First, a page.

Frank Furness was tied to the Fox family by multiple links of kinship and friendship. His Philadelphia career was just short of a decade old when he was commissioned to design this carriage house. The survival of this solitary piece of work, so distant from Philadelphia, is testimony to the intelligence of the design and durability of its plan. The building has a complicated roofline, as do all of Furness's works, with portions that are double-hipped, pyramidal, and gambrel, as well as gable- and shed-roofed dormers. Two extraordinary exterior chimneys with bulbous tops and a half-timbered tower defy stylistic categorization. The golden sandstone base is enlivened by a course of terra-cotta-colored brick that hops over the segmental-arched windows on three elevations.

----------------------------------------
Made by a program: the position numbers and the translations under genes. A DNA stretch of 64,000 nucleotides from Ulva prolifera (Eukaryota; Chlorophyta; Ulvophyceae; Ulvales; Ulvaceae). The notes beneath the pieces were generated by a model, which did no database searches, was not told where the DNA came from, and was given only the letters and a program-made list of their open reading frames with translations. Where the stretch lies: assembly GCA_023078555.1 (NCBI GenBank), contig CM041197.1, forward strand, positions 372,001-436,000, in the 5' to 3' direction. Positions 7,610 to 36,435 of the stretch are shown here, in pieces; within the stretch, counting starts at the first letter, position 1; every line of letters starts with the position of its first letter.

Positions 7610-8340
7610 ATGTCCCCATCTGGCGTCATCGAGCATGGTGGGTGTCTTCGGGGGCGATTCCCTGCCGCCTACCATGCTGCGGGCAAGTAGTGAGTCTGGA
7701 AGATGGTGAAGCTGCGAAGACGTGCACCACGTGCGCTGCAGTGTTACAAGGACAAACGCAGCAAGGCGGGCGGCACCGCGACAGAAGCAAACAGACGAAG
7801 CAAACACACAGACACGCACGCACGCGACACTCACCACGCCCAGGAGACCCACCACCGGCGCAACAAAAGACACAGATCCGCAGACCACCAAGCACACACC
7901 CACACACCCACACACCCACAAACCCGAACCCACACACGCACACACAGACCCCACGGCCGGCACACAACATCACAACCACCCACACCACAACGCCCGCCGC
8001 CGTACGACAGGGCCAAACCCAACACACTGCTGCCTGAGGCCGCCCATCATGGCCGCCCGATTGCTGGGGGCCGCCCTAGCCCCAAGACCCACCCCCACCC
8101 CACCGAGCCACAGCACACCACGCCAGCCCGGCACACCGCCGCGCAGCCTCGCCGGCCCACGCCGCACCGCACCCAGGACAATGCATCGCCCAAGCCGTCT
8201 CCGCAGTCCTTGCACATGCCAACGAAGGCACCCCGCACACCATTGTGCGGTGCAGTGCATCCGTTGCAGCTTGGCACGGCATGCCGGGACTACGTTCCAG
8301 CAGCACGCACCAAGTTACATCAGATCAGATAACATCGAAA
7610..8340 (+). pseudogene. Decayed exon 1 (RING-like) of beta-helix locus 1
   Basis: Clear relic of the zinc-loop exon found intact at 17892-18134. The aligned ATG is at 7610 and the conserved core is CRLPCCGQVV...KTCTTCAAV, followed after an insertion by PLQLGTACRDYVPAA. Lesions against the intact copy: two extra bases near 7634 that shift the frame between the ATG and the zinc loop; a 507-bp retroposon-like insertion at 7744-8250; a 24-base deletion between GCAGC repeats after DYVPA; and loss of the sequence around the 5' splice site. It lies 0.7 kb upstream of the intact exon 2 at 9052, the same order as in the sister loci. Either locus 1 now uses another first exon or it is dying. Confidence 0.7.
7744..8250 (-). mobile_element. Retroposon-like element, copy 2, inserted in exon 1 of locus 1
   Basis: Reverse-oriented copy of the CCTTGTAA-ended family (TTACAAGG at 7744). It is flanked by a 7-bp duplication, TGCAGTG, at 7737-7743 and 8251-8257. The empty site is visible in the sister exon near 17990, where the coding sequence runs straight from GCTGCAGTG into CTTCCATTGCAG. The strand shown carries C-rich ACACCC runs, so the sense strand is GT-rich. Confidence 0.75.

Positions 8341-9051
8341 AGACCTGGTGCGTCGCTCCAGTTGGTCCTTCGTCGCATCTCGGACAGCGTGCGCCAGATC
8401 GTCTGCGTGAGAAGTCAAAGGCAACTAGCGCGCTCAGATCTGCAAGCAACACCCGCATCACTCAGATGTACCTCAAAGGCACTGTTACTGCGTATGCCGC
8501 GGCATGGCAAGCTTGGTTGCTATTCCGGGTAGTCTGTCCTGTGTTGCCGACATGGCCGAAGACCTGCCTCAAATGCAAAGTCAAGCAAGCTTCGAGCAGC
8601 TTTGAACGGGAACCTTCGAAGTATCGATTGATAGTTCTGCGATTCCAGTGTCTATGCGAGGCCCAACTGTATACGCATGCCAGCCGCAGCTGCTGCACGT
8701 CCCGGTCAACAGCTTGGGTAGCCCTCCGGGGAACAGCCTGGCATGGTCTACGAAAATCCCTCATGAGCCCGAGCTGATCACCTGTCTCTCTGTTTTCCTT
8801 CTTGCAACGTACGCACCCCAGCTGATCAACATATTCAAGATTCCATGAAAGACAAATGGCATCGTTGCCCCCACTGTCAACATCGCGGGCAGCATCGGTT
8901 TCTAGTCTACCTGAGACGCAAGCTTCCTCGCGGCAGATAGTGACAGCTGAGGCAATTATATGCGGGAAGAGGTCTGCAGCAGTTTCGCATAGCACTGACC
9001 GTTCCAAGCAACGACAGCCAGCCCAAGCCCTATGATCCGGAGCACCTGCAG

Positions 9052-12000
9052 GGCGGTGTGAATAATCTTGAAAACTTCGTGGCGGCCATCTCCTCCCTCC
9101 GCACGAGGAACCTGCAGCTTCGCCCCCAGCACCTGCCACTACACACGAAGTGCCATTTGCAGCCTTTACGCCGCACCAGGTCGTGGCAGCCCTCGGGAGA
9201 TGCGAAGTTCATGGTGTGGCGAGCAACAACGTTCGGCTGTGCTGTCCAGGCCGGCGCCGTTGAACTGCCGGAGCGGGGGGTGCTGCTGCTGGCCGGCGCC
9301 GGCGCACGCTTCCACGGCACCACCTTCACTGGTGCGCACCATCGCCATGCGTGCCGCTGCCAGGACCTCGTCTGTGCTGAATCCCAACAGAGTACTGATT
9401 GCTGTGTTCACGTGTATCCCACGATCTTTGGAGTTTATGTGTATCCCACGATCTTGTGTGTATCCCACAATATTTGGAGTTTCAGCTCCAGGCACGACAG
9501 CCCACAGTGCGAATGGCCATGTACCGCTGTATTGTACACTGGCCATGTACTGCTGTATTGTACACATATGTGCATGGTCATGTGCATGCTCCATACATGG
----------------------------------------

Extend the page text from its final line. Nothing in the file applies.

The building was designed to store horses, hay, and carriages, and to house the coachman. Two large wooden doors on the east elevation open to the brick-lined carriage storage. South of these doors, the projecting gambrel roof protects the haymow doors above the tack room. A cistern with arched exterior access is below. Today, the second-story space contains a guest suite complete with kitchen, laundry, and fireplace. Immaculate horse stalls remain on the first story.